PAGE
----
pforams@mikrotax - Chiloguembelina adriatica pforams@mikrotax - Chiloguembelina adriatica

Chiloguembelina adriatica

Classification: pf_cenozoic -> Guembelitrioidea -> Chiloguembelinidae -> Chiloguembelina -> Chiloguembelina adriatica
Sister taxa: C. adriatica, C. cubensis, C. andreae, C. ototara ⟩⟨ C. parallela, C. trinitatensis, C. wilcoxensis, C. crinita ⟩⟨ C. subtriangularis, C. midwayensis, C. morsei, C. sp.


Citation: Chiloguembelina adriatica Premec Fucek, Hernitz Kucenjak,&Huber, in Premec Fucek et al. 2018
taxonomic rank: species
Taxonomic discussion:

The exceptionally well-preserved material from the Adriatic Sea and Syria enabled detailed study of the abundant biserial planktonic foraminifera. Two morphologically significant groups with costate surface ornamentation that clearly differ in shape have been observed. The first of these is the commonly identified species C. cubensis. The other group differs from C. cubensis by the growth rate of chambers, total number of chambers, apical angle and length and width of the test. The specimens with a more rapidly flaring test outline are placed in Chiloguembelina adriatica. This species appears in the uppermost Eocene Zone E16 and disappears at the end of Zone O4, with sporadic occurrences in Zone O5. In contrast, Chiloguembelina cubensis has a longer stratigraphic range with its lowest occurrence (LO) in the middle Eocene and highest common occurrence (HCO) at the top of Zone O4, above which it becomes rare and sporadic up to the uppermost Oligocene. [Premec Fucek et al. 2018]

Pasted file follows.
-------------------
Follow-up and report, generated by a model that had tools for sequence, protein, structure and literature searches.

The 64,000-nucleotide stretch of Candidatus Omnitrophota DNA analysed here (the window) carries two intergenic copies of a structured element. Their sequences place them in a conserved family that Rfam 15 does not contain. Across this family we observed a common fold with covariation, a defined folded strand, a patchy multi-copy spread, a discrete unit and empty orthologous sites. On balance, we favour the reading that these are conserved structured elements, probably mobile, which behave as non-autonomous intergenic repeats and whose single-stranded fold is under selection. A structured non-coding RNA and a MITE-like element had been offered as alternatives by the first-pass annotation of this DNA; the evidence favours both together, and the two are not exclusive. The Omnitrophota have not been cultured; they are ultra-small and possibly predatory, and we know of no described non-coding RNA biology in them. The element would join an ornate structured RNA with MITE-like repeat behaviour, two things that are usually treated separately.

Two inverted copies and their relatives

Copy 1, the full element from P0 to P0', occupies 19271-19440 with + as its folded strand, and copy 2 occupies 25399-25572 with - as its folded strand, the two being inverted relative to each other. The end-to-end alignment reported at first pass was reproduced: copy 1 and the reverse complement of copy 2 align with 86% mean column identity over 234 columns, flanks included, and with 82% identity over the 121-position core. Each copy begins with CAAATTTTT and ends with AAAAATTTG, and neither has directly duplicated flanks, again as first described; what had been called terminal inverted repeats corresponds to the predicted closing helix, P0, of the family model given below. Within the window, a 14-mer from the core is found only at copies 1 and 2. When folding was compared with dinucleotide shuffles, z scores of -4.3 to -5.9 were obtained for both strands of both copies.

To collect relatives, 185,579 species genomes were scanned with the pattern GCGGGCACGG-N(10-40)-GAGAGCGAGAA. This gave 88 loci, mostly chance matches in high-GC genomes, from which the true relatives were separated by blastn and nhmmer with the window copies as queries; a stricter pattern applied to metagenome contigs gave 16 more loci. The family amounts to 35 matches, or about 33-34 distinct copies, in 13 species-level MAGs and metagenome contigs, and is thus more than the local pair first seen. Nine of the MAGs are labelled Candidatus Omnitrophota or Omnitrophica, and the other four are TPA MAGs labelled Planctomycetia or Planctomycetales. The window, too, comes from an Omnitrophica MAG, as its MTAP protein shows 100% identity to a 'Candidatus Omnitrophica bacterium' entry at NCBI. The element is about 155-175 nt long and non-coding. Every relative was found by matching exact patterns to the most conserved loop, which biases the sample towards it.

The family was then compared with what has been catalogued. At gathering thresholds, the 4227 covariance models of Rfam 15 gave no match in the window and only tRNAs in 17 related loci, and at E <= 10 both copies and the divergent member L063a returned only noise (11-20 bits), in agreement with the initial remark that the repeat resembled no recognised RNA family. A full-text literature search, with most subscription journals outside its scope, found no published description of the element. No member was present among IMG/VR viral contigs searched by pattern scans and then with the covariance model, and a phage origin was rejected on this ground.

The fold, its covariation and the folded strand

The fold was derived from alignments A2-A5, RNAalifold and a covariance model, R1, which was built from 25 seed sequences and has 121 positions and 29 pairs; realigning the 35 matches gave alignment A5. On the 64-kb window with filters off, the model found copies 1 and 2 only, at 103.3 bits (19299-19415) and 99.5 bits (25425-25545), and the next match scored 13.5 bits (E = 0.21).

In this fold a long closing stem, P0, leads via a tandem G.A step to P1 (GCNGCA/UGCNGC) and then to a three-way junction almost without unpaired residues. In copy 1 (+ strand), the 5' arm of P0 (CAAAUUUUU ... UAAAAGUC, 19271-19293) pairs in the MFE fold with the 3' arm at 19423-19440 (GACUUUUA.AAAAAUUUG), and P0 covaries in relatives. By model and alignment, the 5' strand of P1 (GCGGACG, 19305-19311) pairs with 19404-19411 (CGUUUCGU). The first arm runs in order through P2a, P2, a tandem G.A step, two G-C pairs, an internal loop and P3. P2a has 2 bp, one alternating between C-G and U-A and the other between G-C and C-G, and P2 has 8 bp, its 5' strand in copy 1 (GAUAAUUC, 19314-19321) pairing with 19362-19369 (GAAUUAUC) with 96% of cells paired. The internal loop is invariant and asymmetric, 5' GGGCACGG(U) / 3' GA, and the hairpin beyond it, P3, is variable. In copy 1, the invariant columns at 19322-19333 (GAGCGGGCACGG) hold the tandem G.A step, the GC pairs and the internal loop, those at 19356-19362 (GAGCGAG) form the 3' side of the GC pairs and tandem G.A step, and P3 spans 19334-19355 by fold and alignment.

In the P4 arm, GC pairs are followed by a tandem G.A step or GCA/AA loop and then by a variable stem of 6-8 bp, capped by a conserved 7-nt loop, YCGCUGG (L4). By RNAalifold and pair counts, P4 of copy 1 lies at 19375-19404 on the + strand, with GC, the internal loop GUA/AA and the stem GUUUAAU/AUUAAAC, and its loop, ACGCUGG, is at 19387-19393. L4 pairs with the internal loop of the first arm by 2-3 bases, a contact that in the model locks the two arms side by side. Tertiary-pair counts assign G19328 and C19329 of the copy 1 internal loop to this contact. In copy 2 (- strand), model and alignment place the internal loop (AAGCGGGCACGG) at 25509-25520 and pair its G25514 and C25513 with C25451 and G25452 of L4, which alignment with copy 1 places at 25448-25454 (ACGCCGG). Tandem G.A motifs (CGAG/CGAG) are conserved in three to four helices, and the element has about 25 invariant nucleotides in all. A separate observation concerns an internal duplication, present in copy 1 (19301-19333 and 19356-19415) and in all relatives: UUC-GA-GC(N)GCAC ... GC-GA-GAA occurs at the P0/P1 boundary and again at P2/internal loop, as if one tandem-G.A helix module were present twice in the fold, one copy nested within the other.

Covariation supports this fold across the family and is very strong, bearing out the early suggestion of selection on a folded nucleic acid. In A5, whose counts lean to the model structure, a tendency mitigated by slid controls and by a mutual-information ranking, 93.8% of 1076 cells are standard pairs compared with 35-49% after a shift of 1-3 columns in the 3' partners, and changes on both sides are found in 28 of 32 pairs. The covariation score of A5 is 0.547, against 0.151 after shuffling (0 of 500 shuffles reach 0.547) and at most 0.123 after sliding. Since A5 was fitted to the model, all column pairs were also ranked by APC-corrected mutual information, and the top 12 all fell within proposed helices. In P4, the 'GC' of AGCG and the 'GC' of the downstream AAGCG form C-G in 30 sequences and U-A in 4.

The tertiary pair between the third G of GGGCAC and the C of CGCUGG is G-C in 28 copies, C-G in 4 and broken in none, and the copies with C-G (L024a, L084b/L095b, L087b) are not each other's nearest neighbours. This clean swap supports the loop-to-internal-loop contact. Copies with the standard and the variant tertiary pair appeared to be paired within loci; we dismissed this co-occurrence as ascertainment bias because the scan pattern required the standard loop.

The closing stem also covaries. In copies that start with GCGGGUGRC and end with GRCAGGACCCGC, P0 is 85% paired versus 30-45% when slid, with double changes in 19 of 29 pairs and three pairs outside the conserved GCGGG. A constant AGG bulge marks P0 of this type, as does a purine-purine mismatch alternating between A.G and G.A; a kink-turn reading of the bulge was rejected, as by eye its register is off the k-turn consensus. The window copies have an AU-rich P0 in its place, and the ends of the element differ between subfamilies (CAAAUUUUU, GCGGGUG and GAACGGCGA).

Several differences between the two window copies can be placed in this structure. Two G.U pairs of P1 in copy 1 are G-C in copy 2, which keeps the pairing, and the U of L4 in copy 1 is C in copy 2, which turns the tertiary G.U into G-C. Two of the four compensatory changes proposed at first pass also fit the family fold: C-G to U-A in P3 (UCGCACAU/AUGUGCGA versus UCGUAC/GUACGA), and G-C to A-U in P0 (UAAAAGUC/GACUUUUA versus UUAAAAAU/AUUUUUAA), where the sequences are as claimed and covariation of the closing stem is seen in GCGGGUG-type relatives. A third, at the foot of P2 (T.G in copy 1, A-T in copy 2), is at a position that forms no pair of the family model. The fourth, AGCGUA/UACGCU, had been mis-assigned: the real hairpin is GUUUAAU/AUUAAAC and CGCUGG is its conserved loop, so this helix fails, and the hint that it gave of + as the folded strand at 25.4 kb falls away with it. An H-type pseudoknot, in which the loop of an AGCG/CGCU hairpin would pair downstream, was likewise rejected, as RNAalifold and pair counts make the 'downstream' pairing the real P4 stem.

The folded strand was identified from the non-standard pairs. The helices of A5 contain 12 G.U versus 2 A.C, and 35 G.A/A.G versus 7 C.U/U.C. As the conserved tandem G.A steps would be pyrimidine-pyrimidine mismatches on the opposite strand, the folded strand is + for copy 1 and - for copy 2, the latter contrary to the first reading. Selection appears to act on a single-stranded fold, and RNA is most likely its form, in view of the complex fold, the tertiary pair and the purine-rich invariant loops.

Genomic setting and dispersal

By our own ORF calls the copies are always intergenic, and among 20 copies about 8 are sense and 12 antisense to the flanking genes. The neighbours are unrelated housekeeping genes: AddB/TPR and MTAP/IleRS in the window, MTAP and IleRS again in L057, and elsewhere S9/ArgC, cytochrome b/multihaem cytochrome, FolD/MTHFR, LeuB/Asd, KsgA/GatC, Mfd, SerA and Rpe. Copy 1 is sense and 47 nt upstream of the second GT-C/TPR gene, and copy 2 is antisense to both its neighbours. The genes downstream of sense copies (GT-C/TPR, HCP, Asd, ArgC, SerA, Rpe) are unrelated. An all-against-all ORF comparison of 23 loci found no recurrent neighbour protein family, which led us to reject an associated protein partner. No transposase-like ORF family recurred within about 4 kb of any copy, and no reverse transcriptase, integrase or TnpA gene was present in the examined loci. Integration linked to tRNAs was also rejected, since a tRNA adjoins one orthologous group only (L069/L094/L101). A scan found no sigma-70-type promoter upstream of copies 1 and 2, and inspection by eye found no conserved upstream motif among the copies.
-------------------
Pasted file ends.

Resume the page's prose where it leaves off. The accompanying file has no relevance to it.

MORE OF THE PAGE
Catalog entries: Chiloguembelina adriatica

Type images:

Distinguishing features:
Parent taxon (Chiloguembelina): Test subtriangular in outline, biserial throughout or rarely with multiserial final chambers; aperture a simple arched opening at base of the final chamber, with a narrow rim on one margin and a broad collar or flange directed toward one of the flat sides of the test, lacking an infolded margin or internal plate. Rarely with multiple apertures.
This taxon: Like C. cubensis but test outline more rapidly flaring, greater apical angle of about 55-60°, a more rapid increase in chamber size and generally a shorter and wider test.

NB These concise distinguishing features statements are used in the tables of daughter-taxa to act as quick summaries of the differences between e.g. species of one genus.
They are being edited as the site is developed and comments on them are especially welcome.